Microsoft’s made history with the record-setting launch of the Kinect sensor for their Xbox 360. While the games released at launch were generally a bit twee, much of the buzz around the device came from hackers who made Kinect useful in ways that weren’t necessarily intended. Everything from holography to Super Mario interoperability to was proven possible with Kinect. Those hacks came courtesy of homebrew drivers that bubbled up after website iFixit put up a bounty on Kinect.
(More on TIME.com: Strong Kinect-ion?: First Impressions of Microsoft’s New Motion-Control Camera)
Now, the powers that be in Redmond have announced that they’ll be releasing an SDK (software development kit) for their motion-sensing wonder this spring. From the official Microsoft release:
Kinect for Xbox 360 and the potential seen within its core technology have captured the imaginations of the academic research and enthusiast communities. To encourage and support that creativity, on Feb. 21, Craig Mundie, Microsoft’s chief research and strategy officer, and Don Mattrick, president of Microsoft’s Interactive Entertainment Business, announced that the company plans to release a non-commercial Kinect for Windows software development kit (SDK) from Microsoft Research this spring.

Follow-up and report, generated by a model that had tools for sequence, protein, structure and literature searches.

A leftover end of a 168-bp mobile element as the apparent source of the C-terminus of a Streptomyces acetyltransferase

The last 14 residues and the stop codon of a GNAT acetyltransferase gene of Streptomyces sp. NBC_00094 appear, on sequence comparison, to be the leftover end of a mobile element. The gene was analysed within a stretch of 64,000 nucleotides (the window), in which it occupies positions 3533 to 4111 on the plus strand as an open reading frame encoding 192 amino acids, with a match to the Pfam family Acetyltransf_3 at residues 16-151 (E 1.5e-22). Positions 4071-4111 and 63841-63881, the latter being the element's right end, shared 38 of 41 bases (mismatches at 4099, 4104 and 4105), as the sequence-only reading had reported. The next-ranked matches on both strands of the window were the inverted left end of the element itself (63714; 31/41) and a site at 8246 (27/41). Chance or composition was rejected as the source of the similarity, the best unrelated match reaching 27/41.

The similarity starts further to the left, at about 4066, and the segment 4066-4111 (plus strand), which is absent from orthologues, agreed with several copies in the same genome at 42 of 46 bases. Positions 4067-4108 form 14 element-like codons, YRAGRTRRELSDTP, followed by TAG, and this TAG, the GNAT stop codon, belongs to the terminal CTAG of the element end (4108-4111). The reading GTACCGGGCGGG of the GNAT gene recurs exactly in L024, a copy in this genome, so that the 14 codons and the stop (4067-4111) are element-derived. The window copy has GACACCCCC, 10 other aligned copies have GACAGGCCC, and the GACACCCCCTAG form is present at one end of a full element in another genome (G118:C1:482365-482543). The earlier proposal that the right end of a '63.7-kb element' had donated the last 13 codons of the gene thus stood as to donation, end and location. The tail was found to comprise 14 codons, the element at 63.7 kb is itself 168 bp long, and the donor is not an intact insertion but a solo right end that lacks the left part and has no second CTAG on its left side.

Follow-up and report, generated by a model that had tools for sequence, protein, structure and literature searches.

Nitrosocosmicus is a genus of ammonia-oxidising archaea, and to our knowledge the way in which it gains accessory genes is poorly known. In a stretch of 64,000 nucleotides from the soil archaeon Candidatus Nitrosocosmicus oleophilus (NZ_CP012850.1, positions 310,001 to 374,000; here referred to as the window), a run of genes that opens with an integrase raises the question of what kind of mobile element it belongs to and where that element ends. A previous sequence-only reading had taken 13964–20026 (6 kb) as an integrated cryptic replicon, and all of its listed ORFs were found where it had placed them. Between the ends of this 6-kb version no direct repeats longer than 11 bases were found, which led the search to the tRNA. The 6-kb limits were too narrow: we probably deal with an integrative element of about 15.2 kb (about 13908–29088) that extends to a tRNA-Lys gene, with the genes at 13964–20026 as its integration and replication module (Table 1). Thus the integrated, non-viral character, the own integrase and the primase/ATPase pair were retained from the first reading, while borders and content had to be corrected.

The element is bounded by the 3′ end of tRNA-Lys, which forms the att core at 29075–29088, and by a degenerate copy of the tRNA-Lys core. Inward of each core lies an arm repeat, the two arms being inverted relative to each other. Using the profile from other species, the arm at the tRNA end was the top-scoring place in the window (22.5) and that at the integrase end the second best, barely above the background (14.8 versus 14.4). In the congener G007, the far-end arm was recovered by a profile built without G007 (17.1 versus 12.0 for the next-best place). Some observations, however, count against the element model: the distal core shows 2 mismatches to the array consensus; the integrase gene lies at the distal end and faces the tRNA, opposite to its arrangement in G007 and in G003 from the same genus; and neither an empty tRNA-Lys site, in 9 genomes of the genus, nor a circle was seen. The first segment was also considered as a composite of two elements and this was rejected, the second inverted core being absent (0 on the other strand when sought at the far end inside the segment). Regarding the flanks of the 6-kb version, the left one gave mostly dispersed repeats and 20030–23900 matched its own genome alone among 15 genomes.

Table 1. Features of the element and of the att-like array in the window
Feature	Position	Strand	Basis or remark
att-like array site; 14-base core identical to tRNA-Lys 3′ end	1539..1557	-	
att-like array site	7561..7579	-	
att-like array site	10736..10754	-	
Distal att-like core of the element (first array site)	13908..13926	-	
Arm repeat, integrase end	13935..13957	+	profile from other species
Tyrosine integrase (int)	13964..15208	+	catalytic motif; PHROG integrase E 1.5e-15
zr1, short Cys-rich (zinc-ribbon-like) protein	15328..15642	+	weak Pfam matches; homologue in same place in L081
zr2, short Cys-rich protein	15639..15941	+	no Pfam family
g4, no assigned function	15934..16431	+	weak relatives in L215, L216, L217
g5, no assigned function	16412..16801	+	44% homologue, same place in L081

“Microsoft’s investments in natural user interfaces are vital to our long-term vision of creating computers that are intuitive to use and able to do far more for us,” said Mundie. “The fruits of these research investments are manifesting across many of our products, Kinect for Xbox 360 among them.”
(More on TIME.com: Top Five Uses For Your Kinect Besides Gaming)
The revelation comes hot on the heels of hints that Sony might do the same with its PlayStation Move motion controller. (Probably just a coincidence, right?) Despite the company’s image as a corporate monolith, Microsoft’s got a history of encouraging small-team development on the Xbox 360, as their XNA toolset has allowed indie developers to create games for the console for years now. However, it’s unclear if the access the SDK will provide will match what hackers have already done and whether work done via the SDK will have a pipeline out to curious consumers. Microsoft’s statement also mentions commercial version of the Kinect SDK coming out later this year, so there may also be plans afoot to curate the most promising development so that people can see just what’s possible.